Gnosticism

A friend and seriously good Catholic scholar, whose name I would otherwise publish, has suggested, as I myself do in my Hamlet essay, that my work is gnostic and that inquiry of this sort into the higher mysteries is dangerous. My first response was to say that Nietzsche is indeed like Callicles in Plato’s Gorgias or like Thrasymachus in Plato’s Republic, and I have not done much work on Nietzsche since college. Nietzsche is of course much deeper than the ancient Greek sophists, and much more harmful. We implicate these turns of modern thought in the origin of ideological tyranny, though it is a bit of an argument to demonstrate this. Nietzsche is generally well received due to reputation, and people like to repeat thoughts of his like “that which does not kill us makes us stronger.” But these thinkers, like the ancient sophists, hold that tyranny is the good for man, power the important goal of human endeavor. My work, in its explicitness, is a theoretical response to Machiavelli and Nietzsche, and my suggestion is that without some such basis, Catholic and Platonic thought in modernity does not have a response, nor any way to stop diabolism from taking over politics.

Gnostic is of course a word based upon the ancient Greek word Nous, translated variously, but we use the word intellect. It is different from the faculty commonly known as reason, and the two are gradually distinguished in Plato’s Republic. Logistike or calculation is used by us as an instrument when the soul is ordered to seek other goals, but for the intellect, the first principles both theoretical and practical are its proper objects. It is called the eye of the soul. The heretical gnostics considered for example by St. Ireneus spun imaginative cosmologies, going along with the two-thousand year post platonic effort to know being directly, the way we know the outside world. Following Leo Strauss, we keep much of the Platonic replacement for materialist cosmology, the theory of the ideas, and talk of light and word from the sixth book of Plato’s Republic, but we think that Leo Strauss has opened the way to a new effort, an attempt to know being by reflection in the human things and in the soul as an image of God, so we pursue this indirect effort, called political philosophy.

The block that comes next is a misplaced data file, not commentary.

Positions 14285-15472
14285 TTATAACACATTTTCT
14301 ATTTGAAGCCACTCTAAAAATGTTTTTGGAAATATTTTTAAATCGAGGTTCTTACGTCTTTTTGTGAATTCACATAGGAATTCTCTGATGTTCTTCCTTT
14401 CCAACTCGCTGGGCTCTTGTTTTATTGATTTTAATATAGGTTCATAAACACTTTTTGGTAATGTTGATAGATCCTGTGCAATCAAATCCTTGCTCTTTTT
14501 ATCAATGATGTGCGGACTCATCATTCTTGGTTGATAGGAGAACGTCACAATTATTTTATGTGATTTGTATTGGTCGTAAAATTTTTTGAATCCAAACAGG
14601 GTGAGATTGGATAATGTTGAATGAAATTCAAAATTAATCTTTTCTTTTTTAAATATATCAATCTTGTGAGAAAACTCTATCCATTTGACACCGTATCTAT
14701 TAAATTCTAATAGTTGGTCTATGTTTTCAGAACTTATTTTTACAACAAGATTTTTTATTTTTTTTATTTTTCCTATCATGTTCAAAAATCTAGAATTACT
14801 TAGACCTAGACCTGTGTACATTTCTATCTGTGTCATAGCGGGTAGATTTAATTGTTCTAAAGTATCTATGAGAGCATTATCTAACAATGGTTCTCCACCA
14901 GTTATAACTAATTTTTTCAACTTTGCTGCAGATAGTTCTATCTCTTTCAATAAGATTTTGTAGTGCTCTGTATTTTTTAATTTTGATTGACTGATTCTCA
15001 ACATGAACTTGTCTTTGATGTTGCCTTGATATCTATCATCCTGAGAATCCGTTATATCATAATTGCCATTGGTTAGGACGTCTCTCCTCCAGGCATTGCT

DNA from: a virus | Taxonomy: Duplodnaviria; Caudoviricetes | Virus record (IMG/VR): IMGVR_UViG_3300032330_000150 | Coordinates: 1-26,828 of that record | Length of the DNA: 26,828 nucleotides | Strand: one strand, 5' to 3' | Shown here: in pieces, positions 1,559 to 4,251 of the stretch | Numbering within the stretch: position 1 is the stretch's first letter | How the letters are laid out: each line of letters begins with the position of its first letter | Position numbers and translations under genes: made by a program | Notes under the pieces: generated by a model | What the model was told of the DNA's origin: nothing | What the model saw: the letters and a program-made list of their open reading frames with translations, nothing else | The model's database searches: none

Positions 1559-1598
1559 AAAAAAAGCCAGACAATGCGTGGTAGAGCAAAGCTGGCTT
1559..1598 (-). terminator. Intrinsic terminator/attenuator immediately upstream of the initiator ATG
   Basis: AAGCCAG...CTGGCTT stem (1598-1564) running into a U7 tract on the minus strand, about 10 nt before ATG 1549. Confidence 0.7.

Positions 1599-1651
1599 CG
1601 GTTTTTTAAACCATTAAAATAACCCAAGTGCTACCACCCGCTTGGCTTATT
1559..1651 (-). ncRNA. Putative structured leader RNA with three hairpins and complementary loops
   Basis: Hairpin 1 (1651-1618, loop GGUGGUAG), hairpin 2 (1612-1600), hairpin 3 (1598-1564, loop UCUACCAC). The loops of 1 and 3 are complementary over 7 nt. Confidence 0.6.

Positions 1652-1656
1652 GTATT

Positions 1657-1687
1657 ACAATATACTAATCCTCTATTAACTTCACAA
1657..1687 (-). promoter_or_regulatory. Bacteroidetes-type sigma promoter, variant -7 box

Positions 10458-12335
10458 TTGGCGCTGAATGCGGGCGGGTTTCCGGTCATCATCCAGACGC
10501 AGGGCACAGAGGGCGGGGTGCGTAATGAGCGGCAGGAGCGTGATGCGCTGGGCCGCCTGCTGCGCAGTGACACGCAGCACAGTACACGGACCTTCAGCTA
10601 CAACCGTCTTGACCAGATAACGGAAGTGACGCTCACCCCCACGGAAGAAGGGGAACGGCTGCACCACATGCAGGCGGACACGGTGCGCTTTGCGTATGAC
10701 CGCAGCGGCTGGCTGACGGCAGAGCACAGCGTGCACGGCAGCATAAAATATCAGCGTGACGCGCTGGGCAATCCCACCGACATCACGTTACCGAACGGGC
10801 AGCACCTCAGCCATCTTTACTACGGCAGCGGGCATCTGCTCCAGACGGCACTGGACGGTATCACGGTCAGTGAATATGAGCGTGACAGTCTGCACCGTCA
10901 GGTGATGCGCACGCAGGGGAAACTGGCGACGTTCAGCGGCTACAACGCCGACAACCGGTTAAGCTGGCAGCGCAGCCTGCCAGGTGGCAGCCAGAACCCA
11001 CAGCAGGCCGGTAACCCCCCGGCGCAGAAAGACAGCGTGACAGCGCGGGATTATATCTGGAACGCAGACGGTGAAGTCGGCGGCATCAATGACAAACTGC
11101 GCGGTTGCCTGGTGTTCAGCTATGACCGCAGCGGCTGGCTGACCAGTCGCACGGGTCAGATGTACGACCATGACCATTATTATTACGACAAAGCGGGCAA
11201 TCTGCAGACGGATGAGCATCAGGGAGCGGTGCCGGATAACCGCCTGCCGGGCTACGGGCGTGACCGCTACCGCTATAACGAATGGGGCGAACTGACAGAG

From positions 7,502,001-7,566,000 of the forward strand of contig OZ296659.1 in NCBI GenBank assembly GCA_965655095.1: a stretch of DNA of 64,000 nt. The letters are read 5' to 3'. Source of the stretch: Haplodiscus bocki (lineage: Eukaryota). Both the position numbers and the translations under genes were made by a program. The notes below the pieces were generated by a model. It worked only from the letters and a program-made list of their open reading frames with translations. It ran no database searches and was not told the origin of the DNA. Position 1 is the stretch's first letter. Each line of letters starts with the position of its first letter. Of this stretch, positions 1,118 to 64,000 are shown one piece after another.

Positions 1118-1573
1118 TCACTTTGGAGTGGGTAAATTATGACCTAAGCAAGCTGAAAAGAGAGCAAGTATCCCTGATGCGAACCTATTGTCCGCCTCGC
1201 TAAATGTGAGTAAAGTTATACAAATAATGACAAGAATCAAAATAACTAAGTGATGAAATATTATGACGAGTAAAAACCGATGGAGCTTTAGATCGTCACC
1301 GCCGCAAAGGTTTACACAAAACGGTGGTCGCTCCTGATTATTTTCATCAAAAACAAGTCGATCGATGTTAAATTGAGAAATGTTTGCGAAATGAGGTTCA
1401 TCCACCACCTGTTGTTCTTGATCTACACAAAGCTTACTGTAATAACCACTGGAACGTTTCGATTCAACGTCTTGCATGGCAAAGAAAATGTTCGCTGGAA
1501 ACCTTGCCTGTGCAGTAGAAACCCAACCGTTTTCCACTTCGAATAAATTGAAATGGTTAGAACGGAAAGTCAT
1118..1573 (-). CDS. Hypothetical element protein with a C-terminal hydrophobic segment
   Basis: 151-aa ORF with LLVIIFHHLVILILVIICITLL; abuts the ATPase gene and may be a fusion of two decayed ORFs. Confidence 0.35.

St. John is also called a “gnostic,” and we adhere to this Johannine gnosticism. In the first and third chapters of the gospel of John, the word that was in the beginning was made flesh and dwelt among us. “In him was life, and the life was the light of men.” John writes that although he came to his own home, his people did not receive him…

But to all who received him, who believed in his name, he gave power (or liberty, exousian)to become children of God; who were born, not of blood nor of the will of the flesh, nor of the will of man, but of God.

Hence we say that Nous is a thing begotten, and that this is different from the created reason. We think that Plato knew and taught this very thing, when he writes that intelligence and truth are begotten in the soul (Republic 490b, etc). Since this is in each, but is nascent or not yet awakened, we say with Jung that it is “in” the “unconscious.” Nietzsche’s “In the body is the great reason” is a perversion of nous. Hence, the ability to receive the faculty is in the soul, and can be inverted. But in its proper or natural form, it is the soul reborn, the very myster:y referred to by John in chapter 3:,